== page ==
Treatment effect assumptions

Lifestyle optimization (i.e. healthy diet, physical exercise and optimal body weight) is indicated for all patients with an ASCVD-history. The SMART-REACH calculator estimates the effect of medications changes compared to current treatment. Treatment estimates are based on the following assumptions:
  • Smoking cessation: this option is only applicable to current smokers. Smoking cessation is assumed to reduce the hazard ratio for cardiovascular events of current smokers versus never smokers (i.e. 1.98; BMJ 2015) to that of ex-smokers versus never smokers (i.e. 1.18; BMJ 2015). The resulting hazard ratio for cardiovascular events of current to ex-smoking, thus, is 0.60. Also, smoking cessation is assumed to reduce the hazard ratio for non-vascular mortality of current smokers versus never smokers (i.e. 1.83; Arch Intern Med 2012) to that of ex-smokers versus never smokers (i.e. 1.34; Arch Intern Med 2012). The resulting hazard ratio for non-vascular mortality of current to ex-smoking, thus, is 0.73.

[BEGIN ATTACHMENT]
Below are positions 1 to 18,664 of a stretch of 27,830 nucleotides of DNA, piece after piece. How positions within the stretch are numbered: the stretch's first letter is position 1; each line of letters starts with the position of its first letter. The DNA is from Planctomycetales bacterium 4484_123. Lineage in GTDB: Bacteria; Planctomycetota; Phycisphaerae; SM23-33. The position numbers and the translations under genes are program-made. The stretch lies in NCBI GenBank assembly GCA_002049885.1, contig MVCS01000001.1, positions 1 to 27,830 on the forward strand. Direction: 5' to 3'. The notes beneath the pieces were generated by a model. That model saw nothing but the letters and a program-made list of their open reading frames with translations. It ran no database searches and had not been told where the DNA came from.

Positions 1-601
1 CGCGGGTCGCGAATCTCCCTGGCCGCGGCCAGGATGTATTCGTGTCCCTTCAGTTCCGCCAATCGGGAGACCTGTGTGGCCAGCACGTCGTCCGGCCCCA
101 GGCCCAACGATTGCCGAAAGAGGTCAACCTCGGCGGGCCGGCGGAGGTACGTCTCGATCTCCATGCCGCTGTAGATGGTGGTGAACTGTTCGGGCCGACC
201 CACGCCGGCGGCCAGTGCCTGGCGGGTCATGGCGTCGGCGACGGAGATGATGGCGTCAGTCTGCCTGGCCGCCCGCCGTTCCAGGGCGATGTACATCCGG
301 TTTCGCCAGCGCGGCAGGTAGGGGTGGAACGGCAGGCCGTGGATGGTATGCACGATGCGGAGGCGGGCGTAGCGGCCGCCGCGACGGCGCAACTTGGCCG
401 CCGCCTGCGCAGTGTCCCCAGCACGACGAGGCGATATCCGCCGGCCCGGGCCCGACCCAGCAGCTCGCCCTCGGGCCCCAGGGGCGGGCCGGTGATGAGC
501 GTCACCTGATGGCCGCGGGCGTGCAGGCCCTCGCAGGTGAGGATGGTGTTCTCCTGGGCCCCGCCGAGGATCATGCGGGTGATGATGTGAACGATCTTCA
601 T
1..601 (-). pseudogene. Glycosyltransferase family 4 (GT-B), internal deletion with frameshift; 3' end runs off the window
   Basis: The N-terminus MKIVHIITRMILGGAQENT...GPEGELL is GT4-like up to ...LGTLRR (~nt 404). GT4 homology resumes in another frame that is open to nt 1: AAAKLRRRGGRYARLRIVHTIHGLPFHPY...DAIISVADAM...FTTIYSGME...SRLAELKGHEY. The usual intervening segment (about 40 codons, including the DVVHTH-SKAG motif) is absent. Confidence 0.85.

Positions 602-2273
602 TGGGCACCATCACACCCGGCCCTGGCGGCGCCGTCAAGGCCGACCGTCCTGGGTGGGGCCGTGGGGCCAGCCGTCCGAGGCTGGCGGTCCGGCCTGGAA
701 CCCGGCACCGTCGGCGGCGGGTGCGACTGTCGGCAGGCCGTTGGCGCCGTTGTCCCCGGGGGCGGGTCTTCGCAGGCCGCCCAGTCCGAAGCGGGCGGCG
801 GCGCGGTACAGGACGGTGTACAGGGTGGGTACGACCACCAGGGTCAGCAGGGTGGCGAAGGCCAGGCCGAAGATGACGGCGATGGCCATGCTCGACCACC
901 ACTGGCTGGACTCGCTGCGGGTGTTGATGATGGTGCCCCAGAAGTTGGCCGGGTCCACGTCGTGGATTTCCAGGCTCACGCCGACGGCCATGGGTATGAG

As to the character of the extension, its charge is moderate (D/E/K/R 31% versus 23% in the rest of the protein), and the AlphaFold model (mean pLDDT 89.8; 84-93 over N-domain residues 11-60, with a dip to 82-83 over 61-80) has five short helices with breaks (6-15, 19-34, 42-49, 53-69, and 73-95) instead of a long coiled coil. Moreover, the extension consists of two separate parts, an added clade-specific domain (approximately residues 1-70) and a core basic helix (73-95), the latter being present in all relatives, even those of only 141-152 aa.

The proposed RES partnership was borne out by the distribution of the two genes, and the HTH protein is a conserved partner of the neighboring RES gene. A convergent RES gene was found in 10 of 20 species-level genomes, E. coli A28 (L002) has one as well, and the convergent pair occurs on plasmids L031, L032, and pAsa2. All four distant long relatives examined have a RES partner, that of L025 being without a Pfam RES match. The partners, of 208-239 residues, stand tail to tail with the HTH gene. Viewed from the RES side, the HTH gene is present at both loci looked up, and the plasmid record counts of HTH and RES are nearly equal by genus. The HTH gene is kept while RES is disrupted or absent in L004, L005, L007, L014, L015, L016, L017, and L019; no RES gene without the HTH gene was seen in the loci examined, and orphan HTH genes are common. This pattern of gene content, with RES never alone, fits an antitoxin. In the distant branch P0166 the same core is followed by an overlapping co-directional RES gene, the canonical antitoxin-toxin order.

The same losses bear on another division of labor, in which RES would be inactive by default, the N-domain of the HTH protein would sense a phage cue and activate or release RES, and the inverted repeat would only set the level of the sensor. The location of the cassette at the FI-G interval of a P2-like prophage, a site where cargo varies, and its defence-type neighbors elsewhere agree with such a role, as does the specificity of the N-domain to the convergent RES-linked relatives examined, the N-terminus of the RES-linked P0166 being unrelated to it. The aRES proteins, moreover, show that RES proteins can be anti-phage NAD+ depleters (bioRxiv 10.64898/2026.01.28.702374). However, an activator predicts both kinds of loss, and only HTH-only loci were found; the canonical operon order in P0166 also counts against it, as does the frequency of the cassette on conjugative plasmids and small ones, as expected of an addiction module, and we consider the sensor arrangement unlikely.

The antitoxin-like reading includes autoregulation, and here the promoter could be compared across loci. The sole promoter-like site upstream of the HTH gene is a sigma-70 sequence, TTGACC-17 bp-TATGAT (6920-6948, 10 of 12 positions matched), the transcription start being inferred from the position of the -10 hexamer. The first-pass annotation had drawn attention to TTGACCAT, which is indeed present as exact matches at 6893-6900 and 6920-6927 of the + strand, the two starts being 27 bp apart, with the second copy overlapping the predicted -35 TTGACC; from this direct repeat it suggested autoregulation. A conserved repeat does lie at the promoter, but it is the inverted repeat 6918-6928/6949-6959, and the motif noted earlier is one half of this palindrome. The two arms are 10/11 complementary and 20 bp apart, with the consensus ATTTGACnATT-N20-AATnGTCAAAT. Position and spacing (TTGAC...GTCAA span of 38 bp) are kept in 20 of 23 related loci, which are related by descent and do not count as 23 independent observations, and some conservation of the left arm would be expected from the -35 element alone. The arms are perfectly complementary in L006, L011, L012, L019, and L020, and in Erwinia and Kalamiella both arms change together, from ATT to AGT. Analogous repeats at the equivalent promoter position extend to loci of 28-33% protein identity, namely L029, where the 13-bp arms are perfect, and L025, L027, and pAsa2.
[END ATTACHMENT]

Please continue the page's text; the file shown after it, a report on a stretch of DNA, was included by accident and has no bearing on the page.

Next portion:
• Cholesterol lowering: A hazard ratio of 0.78 was assumed per 1.0 mmol/L (39 mg/dl) lowering of LDL-cholesterol (Lancet 2012) without a bottom limit. The anticipated change in LDL-cholesterol is based on the patients’ baseline cholesterol level. The percentage change in LDL-cholesterol was derived from BMJ 2003 for different types and doses of statins. Ezetimibe is assumed to result in an additional 24% decrease in LDL-cholesterol (N Engl J Med 2015) and PCSK9-inhibition therapy is assumed to result in an additional 59% decrease in LDL-cholesterol (N Eng J Med 2017).